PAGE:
BALF cytokine and cell population measurement

An LPS-induced ALI model was established as previously described [13]. LPSs were instilled in the intratracheal of mice after administration of CKF extracts (5 and 10 mg·kg-1). Mice were sacrificed to collect BALF by washing with ice PBS. After centrifugation, part of cell-free supernatants was used to detect the levels of inflammatory factors, such as IL-1β, TNF-α, and IL-6 in BALF by using ELISA kits based on the instructions. Cellularity was determined by using a flow cytometer after the suspension of cell precipitation in PBS solution. FITC-labeled anti-Gr1 (neutrophils) were purified from BALF cells by using BD FACSVerseTM. Data were analyzed in FlowJo 10.0.

Lung histopathology

The right lung was soaked in formalin and was embedded in paraffin. The paraffin tissue was cut into 5 μm sections and was stained with H & E. The lung histopathology scores as previously described [14].

Statistical analysis

All data were expressed as the mean ± standard error of at least three separate experiments conducted in triplicate. Statistical analysis was performed through variance analysis combined with rank-sum test. P < 0.05 was considered statistically significant.

Results Extract standardization through HPLC

Fig. 1 presents the HPLC profiling analysis results of methanol-extract material of CKF. The total flavonoid, myricetin, and quercetin contents of the extracts are 41.13, 2.88, and 0.36 mg·g-1, respectively.

Fig. 1 Structures of two flavonoid monomers and HPLC profiles of C. komarovii flowers sample solution. Myricetin and quercetin were determined at 366 nm
Effect of CKF extracts on NO and PGE2 production in LPS-induced PMs

The anti-inflammatory effect of CKF was investigated, and MTT assay was conducted to determine the cell viability of CKF. CKF extracts with concentrations of up to 50 μg·mL-1 did not exert any toxic effect on PMs. Therefore, we detected the in vitro anti-inflammatory activities of 12.5, 25, and 50 μg·mL-1 CKF extracts (Fig. 2). We evaluated the NO, PGE2, and their synthesis-related enzymes iNOS and COX-2 accumulation in PMs to investigate the effect of CKF extracts on LPS-stimulated NO and PGE2 production. PMs were stimulated with or without LPS after treatment with different concentrations of CKF extracts. NO (Fig. 3A) and PGE2 (Fig. 3B) levels remarkably decreased with the treatment of CKF extract in a dosage-dependent manner (P < 0.05). iNOS and COX-2 are precursors of NO and PGE2. Therefore, we measured NO and PGE2 levels by conducting an immunoblot assay. As shown in Fig. 3C, iNOS and COX-2 expression levels notably decreased in the CKF group, compared with model group (P < 0.05).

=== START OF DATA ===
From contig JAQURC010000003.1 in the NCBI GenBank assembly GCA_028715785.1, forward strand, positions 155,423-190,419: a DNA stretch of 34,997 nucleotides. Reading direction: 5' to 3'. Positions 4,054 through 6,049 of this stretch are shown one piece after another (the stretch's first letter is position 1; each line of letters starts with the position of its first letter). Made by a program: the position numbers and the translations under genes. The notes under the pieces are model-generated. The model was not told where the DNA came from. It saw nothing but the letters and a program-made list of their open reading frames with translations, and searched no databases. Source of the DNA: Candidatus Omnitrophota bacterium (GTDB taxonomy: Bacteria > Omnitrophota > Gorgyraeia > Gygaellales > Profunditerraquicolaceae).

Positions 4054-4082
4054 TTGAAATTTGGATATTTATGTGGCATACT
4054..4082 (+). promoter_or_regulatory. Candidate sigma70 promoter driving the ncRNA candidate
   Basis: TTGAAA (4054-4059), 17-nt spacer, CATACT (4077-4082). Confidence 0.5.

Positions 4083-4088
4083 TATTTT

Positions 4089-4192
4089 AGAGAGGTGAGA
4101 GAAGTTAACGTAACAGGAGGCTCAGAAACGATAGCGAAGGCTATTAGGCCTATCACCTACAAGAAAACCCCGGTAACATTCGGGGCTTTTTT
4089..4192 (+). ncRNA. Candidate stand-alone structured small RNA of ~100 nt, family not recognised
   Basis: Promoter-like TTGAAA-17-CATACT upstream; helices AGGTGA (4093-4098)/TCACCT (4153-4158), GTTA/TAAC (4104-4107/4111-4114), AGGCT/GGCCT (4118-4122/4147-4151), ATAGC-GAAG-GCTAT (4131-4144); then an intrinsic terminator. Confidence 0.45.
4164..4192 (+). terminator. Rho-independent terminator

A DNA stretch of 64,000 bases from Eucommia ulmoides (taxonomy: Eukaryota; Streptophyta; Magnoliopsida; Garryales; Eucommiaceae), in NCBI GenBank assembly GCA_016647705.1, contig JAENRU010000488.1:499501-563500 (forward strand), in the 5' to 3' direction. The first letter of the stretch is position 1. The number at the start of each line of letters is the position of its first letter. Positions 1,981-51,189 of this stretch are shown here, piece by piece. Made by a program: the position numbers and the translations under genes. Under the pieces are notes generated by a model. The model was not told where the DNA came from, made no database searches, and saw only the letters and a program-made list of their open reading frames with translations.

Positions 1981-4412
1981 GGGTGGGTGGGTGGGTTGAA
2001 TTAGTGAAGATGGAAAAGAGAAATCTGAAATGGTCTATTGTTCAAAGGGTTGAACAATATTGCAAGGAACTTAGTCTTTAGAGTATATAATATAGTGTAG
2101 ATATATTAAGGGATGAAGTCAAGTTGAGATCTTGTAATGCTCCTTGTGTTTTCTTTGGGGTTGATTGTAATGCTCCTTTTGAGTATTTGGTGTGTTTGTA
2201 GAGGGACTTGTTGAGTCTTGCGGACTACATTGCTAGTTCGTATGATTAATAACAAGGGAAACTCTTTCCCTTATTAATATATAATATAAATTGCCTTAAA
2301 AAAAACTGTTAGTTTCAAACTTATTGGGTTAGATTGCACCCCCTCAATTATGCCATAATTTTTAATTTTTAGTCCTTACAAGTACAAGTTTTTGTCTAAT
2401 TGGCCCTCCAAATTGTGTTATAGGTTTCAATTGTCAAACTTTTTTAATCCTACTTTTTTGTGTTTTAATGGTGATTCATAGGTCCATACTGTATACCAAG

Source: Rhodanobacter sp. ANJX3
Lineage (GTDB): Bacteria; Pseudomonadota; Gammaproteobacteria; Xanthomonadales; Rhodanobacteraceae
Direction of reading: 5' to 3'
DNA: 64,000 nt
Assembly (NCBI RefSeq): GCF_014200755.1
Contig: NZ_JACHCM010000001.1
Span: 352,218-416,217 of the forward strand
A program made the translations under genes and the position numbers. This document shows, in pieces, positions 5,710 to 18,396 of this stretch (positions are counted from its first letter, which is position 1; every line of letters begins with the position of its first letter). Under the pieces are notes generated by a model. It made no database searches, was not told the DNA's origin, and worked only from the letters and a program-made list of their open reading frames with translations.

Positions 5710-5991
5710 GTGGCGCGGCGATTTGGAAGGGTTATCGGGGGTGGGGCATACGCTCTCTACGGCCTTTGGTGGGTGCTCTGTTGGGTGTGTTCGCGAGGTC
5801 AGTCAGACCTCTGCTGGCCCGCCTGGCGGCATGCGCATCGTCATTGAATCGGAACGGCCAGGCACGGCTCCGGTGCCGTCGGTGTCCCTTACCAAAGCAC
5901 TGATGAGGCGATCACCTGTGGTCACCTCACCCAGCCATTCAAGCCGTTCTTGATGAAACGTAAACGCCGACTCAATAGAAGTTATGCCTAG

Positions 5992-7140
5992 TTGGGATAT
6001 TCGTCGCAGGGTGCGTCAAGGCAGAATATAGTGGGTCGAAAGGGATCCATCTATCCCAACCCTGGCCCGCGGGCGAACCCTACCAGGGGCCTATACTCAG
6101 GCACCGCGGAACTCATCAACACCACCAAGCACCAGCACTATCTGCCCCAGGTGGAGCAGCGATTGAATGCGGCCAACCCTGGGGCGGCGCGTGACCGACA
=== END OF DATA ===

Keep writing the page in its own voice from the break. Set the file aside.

Fig. 2 Effect of CKF extract on cell viability in PMs. PMs were pre-treated with different concentrations of the CKF extract (0, 12.5, 25, 50, 100 and 200 μg·mL-1) for 1 h and then with or without LPS for 24 h. Cell viability was measured with an MTT assay. The results are expressed as the mean ± SEM of three independent experiments. *P < 0.05 vs the LPS-treated cells
Fig. 3 Effect of CKF extract on nitrite and PGE2 production. PMs were pretreated with CKF extract at the indicated concentration for 1 h before treatment with LPS. The medium was harvested and assayed after 24 h for nitrite production (A) and PGE2 production (B). Immunoblot analysis was performed to detect iNOS and COX-2 expression with antibodies (C). The results are expressed as the mean ± SEM of three independent experiments. *P < 0.05 vs the LPS-treated group
Inhibitory effect of CKF on pro-inflammatory cytokine production in LPS-induced PMs

Pro-inflammatory cytokines, such as TNF-α, IL-6, and IL-1β, play important roles in various inflammatory diseases [15-16]. CKF treatment can remarkably reduce IL-1β (Fig. 4A), TNF-α (Fig. 4B), and IL-6 (Fig. 4C) secretion in a dosage-dependent manner. In addition, qPCR analysis showed that CKF treatment decreases IL-1β (Fig. 4D), TNF-α (Fig. 4E), and IL-6 (Fig. 4F) mRNA expression levels.

Fig. 4 Effect of CKF extract on LPS-induced production of pro-inflammatory cytokines. The production of the cytokines, IL-1β (A) TNF-α (B)and IL-6 (C) in the medium was assayed by ELISA. The mRNA expression levels of IL-1β (D), TNF-α (E) and IL-6 (F) were measured with qPCR. Cyclophilin A was used as an internal control. The results are expressed as the mean ± SEM of three independent experiments. *P < 0.05 vs the LPS-treated group